This is purportedly a sci-fi novel, but it’s really just a detective story which takes place on a generation ship carrying the last fifty thousand humans to some planet out Tau Ceti way. Why there in particular goes unexplained. How they even knew there were habitable planets there is a mystery, but maybe they figured it out from the extra-solar planetary search. Tau Ceti is the closest single G class star to our own sun (which is G class), and it does have two planets in the 'habitable zone', but there's nothing known yet to indicate they might be anything like Earth or habitable at all. The bigger problem though is that the system is young and is awash with debris, so impacts of meteors on those planets would be huge. It would be an extremely dangerous place to live.
Two weeks out from the planet, a research lab operative goes missing, which is highly unusual since everyone has an implant which allows them to be tracked. There is a 'cop' on board who is assigned to investigate the disappearance, but the guy isn’t actually a police officer. He used to be a zero gravity sports star. How this remotely qualifies him to investigate crime in his retirement years is a mystery. Was he the only applicant when the position became vacant? Why did he even retire? The game was played in zero G so there's no major physical requirement like there would be on Earth for a sport. You need to be agile of body and mind, but how can you get too old for a sport like that when you’re still young isn’t explained here.
That I could live with, but when the guy ends up being a complete moron, I can’t read about him. The obvious place to get rid of a body in space is to flush it out the airlock, but that's the last place this brilliant detective thinks to look. The fact that they discover the body out there is complete luck. No alarm sounded when someone opened an airlock in space? Instead of sending a robot out to get the body, the detective, who has zero experience in space, demands to go get it himself. The spacecraft is inexplicably a single-seater, so he's literally by himself. He fouls up completely (turning off the com is his first arrogant and stupid mistake). He almost loses the body and he almost dies. Despite being in trouble, the crew explicably did not send out another spacecraft to rescue him despite having many of them on hand.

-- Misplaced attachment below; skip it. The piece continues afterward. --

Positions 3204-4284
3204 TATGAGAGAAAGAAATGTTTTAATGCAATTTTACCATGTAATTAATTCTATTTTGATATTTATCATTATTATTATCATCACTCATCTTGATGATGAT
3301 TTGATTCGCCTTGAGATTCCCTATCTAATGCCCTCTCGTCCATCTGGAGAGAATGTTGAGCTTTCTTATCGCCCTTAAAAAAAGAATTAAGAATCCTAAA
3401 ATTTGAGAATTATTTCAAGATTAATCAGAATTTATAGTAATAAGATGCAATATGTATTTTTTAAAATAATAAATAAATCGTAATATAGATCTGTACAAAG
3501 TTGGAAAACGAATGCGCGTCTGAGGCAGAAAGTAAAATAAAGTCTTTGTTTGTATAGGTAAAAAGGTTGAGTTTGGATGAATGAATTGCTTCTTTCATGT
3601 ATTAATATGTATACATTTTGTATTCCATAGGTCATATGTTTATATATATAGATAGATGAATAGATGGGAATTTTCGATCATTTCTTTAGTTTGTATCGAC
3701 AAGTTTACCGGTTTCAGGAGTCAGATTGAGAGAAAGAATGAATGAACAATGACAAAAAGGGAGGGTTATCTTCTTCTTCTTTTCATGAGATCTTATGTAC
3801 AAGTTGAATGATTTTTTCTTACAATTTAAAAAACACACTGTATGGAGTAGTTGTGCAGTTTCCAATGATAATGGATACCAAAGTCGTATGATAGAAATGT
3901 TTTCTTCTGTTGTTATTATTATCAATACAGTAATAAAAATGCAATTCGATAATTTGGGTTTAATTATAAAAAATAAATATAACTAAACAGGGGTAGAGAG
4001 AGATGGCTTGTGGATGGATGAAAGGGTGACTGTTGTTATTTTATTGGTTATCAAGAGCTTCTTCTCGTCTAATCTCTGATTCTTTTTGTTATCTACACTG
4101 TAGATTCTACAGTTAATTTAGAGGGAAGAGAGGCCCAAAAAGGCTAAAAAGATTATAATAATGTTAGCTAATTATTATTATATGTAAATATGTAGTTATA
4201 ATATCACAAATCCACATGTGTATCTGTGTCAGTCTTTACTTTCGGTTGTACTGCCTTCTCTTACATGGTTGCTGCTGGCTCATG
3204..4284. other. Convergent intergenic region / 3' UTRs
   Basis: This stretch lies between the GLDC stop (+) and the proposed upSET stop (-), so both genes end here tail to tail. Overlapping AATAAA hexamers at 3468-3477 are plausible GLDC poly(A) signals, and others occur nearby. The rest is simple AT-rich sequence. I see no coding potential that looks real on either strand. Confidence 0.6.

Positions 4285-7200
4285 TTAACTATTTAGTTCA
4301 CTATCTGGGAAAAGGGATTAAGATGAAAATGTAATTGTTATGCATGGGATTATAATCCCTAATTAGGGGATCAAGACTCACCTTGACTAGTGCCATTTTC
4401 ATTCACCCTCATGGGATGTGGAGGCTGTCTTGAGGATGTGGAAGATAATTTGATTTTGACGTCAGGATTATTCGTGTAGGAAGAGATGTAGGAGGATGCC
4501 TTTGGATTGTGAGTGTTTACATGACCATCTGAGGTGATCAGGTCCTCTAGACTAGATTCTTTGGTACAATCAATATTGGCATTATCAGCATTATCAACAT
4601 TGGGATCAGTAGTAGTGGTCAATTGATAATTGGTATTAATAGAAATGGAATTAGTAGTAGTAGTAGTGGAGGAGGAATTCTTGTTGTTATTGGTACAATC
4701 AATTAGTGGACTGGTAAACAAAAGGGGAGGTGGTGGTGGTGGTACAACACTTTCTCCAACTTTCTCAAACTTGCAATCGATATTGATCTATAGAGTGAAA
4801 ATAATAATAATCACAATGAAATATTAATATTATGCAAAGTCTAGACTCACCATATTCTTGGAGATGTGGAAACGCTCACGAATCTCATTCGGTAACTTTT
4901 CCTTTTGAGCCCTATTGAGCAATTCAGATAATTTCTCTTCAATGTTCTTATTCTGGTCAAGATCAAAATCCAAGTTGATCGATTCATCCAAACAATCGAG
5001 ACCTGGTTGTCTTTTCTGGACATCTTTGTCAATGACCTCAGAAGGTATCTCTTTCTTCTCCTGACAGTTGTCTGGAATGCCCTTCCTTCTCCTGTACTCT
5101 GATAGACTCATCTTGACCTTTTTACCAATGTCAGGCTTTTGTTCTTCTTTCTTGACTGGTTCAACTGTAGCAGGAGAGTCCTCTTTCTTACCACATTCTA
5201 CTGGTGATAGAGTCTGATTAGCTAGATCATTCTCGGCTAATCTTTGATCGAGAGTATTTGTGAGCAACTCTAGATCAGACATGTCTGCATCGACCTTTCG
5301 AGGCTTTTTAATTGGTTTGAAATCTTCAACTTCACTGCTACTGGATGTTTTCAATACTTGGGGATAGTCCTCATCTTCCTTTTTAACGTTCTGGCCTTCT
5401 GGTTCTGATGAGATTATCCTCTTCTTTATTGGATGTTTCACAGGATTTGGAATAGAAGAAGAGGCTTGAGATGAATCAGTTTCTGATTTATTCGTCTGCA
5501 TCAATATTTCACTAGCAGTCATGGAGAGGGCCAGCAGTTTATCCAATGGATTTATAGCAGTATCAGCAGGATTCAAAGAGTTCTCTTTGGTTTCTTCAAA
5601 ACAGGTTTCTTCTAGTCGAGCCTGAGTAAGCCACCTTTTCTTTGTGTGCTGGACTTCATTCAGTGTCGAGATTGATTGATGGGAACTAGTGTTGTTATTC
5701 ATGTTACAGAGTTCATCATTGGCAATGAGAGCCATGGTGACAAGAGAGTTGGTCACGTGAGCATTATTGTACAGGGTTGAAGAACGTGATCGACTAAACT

The thing is that when you flush something out of an airlock, the object is catapulted with some force because of the escaping air. It’s rather like firing a BB gun. The body would move away from the spacecraft with some significant speed, and if it were gone for a couple of days, it would be so far out and so dark, that it wouldn't be visible. Given how dirty space was this close to the planet, it would more than likely be undetectable by any means from the spacecraft, being yet one more cold, dark object among many. Yet they find it close to the craft and largely undamaged.
In the hospital, his female doctor is inappropriate with him, but that's just fine because he's being inappropriate with a subordinate colleague so everything balances out, right? No. When he wants to leave, he asks the doctor where his clothes were and she says, “We had to cut them off.” Why? If he'd been injured in a serious accident, then yeah - swelling and the need to get to him quickly and fix wounds would necessitate cutting off clothes, but all he did was pass out. What, they had to remove his clothes to put an oxygen mask on his face? No! They didn't have to strip him at all, yet this doctor did. I assume because the author is male. And that wasn't the only way she was inappropriate. Who knows, maybe his doctor used to be a car mechanic before her current gig. For them it’s routine to strip things down so they can charge you more for labor....
It was after the incident with the doctor that I quit reading this garbage. The story was poor and amateurish before then, but this was nonsense, and I had no intention of reading on at that point, much less of reading any more volumes in the lame series that this was intended to become. I can’t commend it at all.